Intuition guides our lives from all the big to little decisions—where we see ourselves in 5 years, the careers we’re meant to pursue, even what to eat for breakfast. We’re intuitively guided to try new things, but it can be difficult to tap into that intuition when designing our spaces. Why is that?
Some choices just seem obvious to us, but trusting our design intuition can become difficult when surrounded by so many different trends and influences.
We find ourselves purchasing décor simply because someone else on Instagram styled it well, and that was enough to check our boxes. That’s why we turn to experts to help us craft our spaces, entrusting interior designers to help us hone in on what speaks to us.
Designers know the way and can see the potential a space has more clearly than we can—a quality that designer Iman Stewart coins “designer’s intuition.”
“Designer’s intuition shows how things intuitively line up for me as a designer,” Stewart says. “It really shows how things come together so organically. With designer’s intuition, we innately know that certain elements will match other elements, we can lay down samples and make decisions just from seeing those once, and we know it’ll all come together because of the energy that we put into it.”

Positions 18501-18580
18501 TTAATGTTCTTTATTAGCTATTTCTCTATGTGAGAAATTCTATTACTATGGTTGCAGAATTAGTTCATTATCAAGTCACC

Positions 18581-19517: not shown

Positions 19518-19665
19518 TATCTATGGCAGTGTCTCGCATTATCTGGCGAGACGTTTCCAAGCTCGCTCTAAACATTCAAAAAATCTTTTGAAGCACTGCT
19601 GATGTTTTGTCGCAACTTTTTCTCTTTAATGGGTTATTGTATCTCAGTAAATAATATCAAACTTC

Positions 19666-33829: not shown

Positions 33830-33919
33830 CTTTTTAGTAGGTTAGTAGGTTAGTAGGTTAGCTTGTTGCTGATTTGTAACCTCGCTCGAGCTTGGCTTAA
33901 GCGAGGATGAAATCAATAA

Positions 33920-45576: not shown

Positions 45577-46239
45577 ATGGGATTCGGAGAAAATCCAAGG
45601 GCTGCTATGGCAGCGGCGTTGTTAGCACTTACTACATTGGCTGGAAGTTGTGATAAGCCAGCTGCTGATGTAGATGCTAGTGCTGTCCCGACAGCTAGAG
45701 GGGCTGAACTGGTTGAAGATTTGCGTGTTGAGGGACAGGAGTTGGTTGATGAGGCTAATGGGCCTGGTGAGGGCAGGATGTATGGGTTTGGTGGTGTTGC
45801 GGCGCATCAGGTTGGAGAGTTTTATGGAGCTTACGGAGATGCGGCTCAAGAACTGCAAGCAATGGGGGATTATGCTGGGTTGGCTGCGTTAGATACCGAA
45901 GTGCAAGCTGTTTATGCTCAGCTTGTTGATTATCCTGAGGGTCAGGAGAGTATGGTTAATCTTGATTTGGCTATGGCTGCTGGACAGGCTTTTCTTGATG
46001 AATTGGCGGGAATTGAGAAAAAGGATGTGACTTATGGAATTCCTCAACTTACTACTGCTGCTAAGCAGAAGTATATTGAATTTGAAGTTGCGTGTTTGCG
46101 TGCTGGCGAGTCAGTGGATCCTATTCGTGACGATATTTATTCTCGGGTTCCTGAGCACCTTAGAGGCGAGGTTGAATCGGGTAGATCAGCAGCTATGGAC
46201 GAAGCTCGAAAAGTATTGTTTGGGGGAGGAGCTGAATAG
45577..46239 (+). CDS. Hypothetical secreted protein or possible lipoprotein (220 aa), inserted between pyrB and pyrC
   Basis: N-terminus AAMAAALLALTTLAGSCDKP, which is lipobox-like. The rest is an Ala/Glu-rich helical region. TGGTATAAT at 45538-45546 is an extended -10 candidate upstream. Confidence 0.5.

Discovering Her Designer's Intuition
Stewart shared the moment when she recognized that she was designing with her intuition in mind, which came while selecting curtains for a space. For the space she was working on—The Pryce Project—the curtains she wanted were only available to be ordered online.
She took a chance on them without seeing them in person, but when she put them in the space, the blue velvet hue perfectly matched a framed Carnival mask hanging in the room that Stewart hadn’t seen prior to decorating.
Stewart notes that this was surely designer’s intuition at work. All she had to do was trust her gut that this décor element was going to be the right choice for the space, and it turned out to be the perfect fit.
“It has to do with your innate purpose, understanding that we are gifted with the intuition to know what a client wants," she notes. "We can see how things will all come together before it happens."
How Stewart's Intuition Guides Her Design
Being a native Canadian designer, Stewart feels the country’s design is influenced by many different cultures, but Eurocentric trends do take center stage—and many designers abide by them. Stewart notes that she simply follows the philosophy that people should not be afraid to take risks in their home if they feel drawn to them.
“I think I've gone completely against the simplistic, white-room trend because I like to tell people to live boldly, live out loud, and put that color on the wall,” she shares.
Designer’s intuition comes into play in all aspects of design, including layout. Stewart recalls a client of hers who had one layout in mind, and by the time Stewart was finished brainstorming, an entirely different layout came to fruition.
“It’s my job to guide the client in the right direction while taking their wants into consideration,” Stewart shares. “I just had to tell her what I was seeing, what I was feeling, and what my intuition was telling me,” Stewart says.